Manhood Rights in the Age of Jim Crow: Evaluating "End-of-Men" Claims in the Context of African American History

By Summers, Martin | Boston University Law Review, May 2013 | Go to article overview

Manhood Rights in the Age of Jim Crow: Evaluating "End-of-Men" Claims in the Context of African American History


Summers, Martin, Boston University Law Review


American history has seen its share of episodic crises of American masculinity. Or, to be more precise, American history has seen its share of periods during which American men experienced a heightened, collective anxiety that they were in danger of losing not only their privileged status in society, but the very foundational ideals by which manhood was defined. Although there have been numerous historical moments when larger political and economic transformations have precipitated a societal redefinition of manhood, such as the emergence of liberalism and the Market Revolution in the first half of the nineteenth century, this Essay will focus on another important period during which anxieties about the decline of American men were pervasive: the late nineteenth century.1 It was during this period that white American men in particular felt their manhood being undermined by the corporatization of the economy and the decline of proprietary capitalism, the "closing" of the frontier, and the incursion of women into the political realm through reform and suffrage movements.2 They responded in a variety of ways, including by becoming more involved in the education of boys, defining manhood in terms of physicality, reasserting their role in church leadership, and advocating for a more aggressive American imperialism. Claims about the "end of men," then, informed everything from U.S. foreign policy and ideas about education to changing leisure practices and conceptions of sexuality.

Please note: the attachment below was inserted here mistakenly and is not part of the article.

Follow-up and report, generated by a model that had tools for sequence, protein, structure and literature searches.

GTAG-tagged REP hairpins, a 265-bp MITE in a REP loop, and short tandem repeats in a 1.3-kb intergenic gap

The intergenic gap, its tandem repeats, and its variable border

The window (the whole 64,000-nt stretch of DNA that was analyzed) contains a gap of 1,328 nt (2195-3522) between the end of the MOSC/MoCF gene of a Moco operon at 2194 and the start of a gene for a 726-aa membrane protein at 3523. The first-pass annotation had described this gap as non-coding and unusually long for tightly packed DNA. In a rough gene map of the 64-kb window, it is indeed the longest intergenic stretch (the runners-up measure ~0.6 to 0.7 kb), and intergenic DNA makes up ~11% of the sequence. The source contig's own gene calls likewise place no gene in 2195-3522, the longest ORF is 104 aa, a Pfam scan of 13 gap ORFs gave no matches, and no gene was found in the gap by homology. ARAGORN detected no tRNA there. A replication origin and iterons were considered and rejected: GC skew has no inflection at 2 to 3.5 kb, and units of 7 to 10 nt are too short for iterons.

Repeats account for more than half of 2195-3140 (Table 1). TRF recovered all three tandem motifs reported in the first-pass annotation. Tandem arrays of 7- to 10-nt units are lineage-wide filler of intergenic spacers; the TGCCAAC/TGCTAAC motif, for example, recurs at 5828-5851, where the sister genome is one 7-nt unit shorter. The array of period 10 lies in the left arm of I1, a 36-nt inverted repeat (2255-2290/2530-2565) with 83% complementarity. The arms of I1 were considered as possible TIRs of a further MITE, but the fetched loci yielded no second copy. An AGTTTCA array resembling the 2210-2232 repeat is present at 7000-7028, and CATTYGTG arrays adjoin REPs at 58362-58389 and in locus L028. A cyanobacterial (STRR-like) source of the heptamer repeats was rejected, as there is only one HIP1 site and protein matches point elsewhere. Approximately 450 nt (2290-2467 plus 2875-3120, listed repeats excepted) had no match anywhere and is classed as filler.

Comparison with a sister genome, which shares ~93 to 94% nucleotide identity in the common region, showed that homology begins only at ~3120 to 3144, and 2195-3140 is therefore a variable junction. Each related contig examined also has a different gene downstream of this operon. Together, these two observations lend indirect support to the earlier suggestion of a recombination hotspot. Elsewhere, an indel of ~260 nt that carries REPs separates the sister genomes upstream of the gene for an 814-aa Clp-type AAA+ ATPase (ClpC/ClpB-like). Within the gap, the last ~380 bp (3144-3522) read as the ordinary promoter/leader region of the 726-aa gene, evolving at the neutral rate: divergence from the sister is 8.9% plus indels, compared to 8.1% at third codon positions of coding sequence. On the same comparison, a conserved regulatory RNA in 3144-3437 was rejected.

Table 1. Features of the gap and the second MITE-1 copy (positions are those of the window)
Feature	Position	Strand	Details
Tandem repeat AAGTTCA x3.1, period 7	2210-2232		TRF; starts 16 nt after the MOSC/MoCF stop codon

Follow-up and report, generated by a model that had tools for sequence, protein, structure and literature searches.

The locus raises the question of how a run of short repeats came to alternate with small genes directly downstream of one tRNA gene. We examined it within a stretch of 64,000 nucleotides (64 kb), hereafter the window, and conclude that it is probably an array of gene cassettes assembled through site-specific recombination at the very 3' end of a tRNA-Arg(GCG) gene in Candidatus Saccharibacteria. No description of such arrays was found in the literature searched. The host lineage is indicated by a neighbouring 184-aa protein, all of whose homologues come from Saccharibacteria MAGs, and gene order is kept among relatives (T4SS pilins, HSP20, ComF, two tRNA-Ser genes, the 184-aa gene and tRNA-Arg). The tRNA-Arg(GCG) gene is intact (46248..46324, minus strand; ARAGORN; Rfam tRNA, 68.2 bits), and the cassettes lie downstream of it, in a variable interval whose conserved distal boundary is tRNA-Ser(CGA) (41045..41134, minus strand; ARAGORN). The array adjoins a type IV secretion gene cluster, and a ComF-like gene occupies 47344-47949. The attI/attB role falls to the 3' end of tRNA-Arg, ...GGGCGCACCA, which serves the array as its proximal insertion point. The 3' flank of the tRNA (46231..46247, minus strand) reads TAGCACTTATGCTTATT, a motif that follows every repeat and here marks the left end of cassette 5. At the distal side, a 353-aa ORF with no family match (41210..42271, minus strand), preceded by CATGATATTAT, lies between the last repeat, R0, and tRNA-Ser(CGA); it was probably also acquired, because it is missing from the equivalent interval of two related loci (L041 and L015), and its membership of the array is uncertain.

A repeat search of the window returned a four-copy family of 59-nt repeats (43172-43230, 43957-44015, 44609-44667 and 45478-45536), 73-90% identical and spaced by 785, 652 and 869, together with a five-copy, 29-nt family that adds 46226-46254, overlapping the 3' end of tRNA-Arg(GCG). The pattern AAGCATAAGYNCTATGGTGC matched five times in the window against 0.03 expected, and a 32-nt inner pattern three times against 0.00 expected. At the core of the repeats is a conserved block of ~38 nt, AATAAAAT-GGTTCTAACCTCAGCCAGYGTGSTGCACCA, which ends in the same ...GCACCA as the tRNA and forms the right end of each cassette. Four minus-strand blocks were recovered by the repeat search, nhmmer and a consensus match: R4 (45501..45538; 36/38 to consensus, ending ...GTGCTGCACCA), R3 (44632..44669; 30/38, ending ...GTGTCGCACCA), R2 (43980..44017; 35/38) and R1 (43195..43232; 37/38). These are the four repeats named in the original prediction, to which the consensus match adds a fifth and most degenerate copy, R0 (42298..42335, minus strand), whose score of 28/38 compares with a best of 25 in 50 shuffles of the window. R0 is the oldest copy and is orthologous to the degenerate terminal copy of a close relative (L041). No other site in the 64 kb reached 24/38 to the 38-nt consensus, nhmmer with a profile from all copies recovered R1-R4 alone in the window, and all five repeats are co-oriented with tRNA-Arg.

The late nineteenth century is also an interesting period to examine because it was during this time that the South witnessed the emergence of legal and customary forms of discrimination that eroded the citizenship rights of the overwhelming majority of African American men and women. In the wake of the redemption of Democratic state governments in the 1880s and 1890s, the states of the former Confederacy began to implement laws that enforced the separation of the races in educational institutions, sites of commerce, and public spaces; established practically insurmountable barriers to voting; and made it possible for the landed elite to reassert their economic dominance and control over a formerly enslaved labor force. Moreover, this matrix of discriminatory laws was reinforced by the ever-present threat of extralegal violence in the form of lynchings, rapes, and race riots.

While both black women and men were victims of this racial backlash, this Essay will explore how the struggle over fundamental issues of equality was framed in the gendered language of manhood rights. It argues that African American men understood segregation and disfranchisement to pose an existential threat to their fundamental status as citizens as much as their identity as men. In a political environment in which women did not have suffrage, citizenship and manhood were inextricably linked. Middle-class African American men, upon whom this Essay focuses, responded to these assaults on their citizenship status, in part, by attempting to establish their dominance within their own communities. Although they did not reduce their male identity to their political relationship to the dominant culture and the nation-state, middle-class African American men did seek to shore up their masculinity by reasserting their control, vis-à-vis black women, working-class black men, and black children, in the areas of church and missionary work, the guidance of black youth, and the professional sphere. But these attempts did not go unchallenged, especially in the case of black women. While there was a great deal of collaboration between African American women and men in building up their communities and defending them against white racism, women certainly did not cede leadership of the race to men. As historian Martha Jones explains about black public culture in the nineteenth century, rather than being "patriarchal or male-dominated," it was an "openly and often heatedly contested space in which activists self-consciously wrestled with the meanings of manhood and womanhood and the implications of those ideas for the structures and practices of institutions. …

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